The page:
Fifteen minutes after that first message, Mr Adu-Appau phoned her back and, after a three-minute conversation, he told her to phone an ambulance.

Durham Police released the 999 call Christina Robinson made after her son stopped breathing

In total, 19 minutes passed between Robinson’s first message to Dwelaniyah’s father and her calling for professional help. But when that help arrived, Robinson’s lies began.

Speaking to police, her demeanour was “quiet, calm, unpanicked”. Asked by officers what had happened, she was recorded on body-worn video cameras saying he had choked after eating a cheese roll.

“We were downstairs, he was eating his food," she told them, adding: “And then all of a sudden, sort of a spluttering sound and then he just went limp.”

The idea that Dwelaniyah had choked was rejected by pathologist Dr Nigel Cooper, who carried out his post-mortem. He told the court he had not “seen any objective evidence that his airway was blocked".

He added: "But you would expect a sizeable chunk of something to be wedged in his airway. As far as I know, nobody found anything wedged in the airway at any point.”

Body-worn footage from Durham Police captures the moments after officers arrived at the home of Christina Robinson

Asked how Dwelaniyah had come to be so badly burned, Robinson told police, paramedics and doctors that he had been playing on his own in the shower.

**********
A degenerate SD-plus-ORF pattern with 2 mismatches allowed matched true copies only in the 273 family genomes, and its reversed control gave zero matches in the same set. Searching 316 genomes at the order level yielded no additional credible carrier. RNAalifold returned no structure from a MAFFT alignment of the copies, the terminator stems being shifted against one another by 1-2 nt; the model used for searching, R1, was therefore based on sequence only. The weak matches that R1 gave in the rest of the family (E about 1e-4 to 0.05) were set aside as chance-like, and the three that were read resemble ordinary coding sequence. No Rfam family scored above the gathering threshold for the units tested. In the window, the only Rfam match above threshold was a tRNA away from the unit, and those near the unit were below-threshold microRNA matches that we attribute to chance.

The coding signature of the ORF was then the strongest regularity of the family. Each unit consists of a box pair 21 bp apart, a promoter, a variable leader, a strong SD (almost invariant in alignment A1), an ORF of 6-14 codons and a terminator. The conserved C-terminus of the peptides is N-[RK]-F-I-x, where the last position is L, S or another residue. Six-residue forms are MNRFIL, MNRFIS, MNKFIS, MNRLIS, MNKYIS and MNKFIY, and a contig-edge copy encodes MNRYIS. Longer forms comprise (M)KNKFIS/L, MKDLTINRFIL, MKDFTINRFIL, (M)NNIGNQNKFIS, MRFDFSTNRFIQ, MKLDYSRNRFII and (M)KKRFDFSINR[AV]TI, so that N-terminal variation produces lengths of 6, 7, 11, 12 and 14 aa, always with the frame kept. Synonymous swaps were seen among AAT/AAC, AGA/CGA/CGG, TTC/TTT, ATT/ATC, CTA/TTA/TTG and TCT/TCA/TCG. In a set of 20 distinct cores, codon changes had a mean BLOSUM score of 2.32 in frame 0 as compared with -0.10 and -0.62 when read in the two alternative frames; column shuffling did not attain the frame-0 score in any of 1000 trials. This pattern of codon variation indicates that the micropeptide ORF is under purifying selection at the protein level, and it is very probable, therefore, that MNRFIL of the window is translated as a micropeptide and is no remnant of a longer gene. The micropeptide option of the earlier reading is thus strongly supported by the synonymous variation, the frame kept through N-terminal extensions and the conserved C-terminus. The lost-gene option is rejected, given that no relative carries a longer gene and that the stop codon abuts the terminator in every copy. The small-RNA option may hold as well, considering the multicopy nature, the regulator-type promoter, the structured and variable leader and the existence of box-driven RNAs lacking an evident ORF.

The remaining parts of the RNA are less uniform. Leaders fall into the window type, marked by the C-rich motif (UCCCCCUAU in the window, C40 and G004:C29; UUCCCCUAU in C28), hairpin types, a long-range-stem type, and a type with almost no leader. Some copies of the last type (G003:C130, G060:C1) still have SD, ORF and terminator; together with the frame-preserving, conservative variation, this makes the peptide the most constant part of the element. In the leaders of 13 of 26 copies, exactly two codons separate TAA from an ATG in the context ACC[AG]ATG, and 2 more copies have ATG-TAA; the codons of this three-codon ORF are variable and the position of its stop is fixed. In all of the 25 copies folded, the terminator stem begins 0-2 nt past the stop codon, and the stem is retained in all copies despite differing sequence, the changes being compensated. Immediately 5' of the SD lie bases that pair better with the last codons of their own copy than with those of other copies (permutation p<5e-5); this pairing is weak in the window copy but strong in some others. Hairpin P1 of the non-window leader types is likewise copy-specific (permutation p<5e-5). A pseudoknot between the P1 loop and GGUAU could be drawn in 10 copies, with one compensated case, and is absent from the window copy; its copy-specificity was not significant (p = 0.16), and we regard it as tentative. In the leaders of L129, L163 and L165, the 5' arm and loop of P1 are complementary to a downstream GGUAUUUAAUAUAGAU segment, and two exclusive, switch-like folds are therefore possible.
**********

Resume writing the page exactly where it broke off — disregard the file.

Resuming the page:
“I was downstairs, I was cleaning and I just heard screams,” she told a doctor at the University Hospital of North Durham.

“He was trying to get out, he couldn’t get out. That's what happened, I tried to cool him down with cold water and everything.”

But by the time she stood in the witness box to give evidence, her story had changed. Dwelaniyah was not playing on his own in the shower, she told the jury. Rather, she claimed, she had put him in the shower to wash him after he had soiled himself.

The water, she suggested, became much hotter than she realised and she burned him by accident.

CCTV footage released by Durham Police shows Christina Robinson visiting a shop and then hospital on 2 November

That claim was rejected by experts, including consultant burns and plastic surgeon Timothy Burge, who said the burns could not have been caused by a shower and who was “convinced this was a forced immersion in hot water".

Throughout the trial, Robinson denied the charges of murder and child cruelty that were brought against her.

As it drew to an end, after giving nearly nine hours of evidence from the witness box, she sacked her legal team of solicitors and barristers and chose to represent herself during the closing stages, including making a closing statement to the jury on her own behalf.

In an extraordinary moment, standing in front of the jury and taking on a role that would normally be filled by a trained barrister, she spoke calmly and without emotion for an hour and eight minutes.

Robinson accepted the lies that she had told in the aftermath of Dwelaniyah’s death.

“One of the reasons I lied was because I didn't believe that anyone would believe the truth," she said. "Look at where I am. I was right. I simply did not kill my child. I did not deliberately burn my child.”

The jury, of eight women and four men, disagreed and found her guilty of murder and all four counts of child cruelty.

Anyone who has concerns about the welfare of a child should contact Durham Constabulary on 101, or 999 in an emergency, your local children’s social care team or the NSPCC.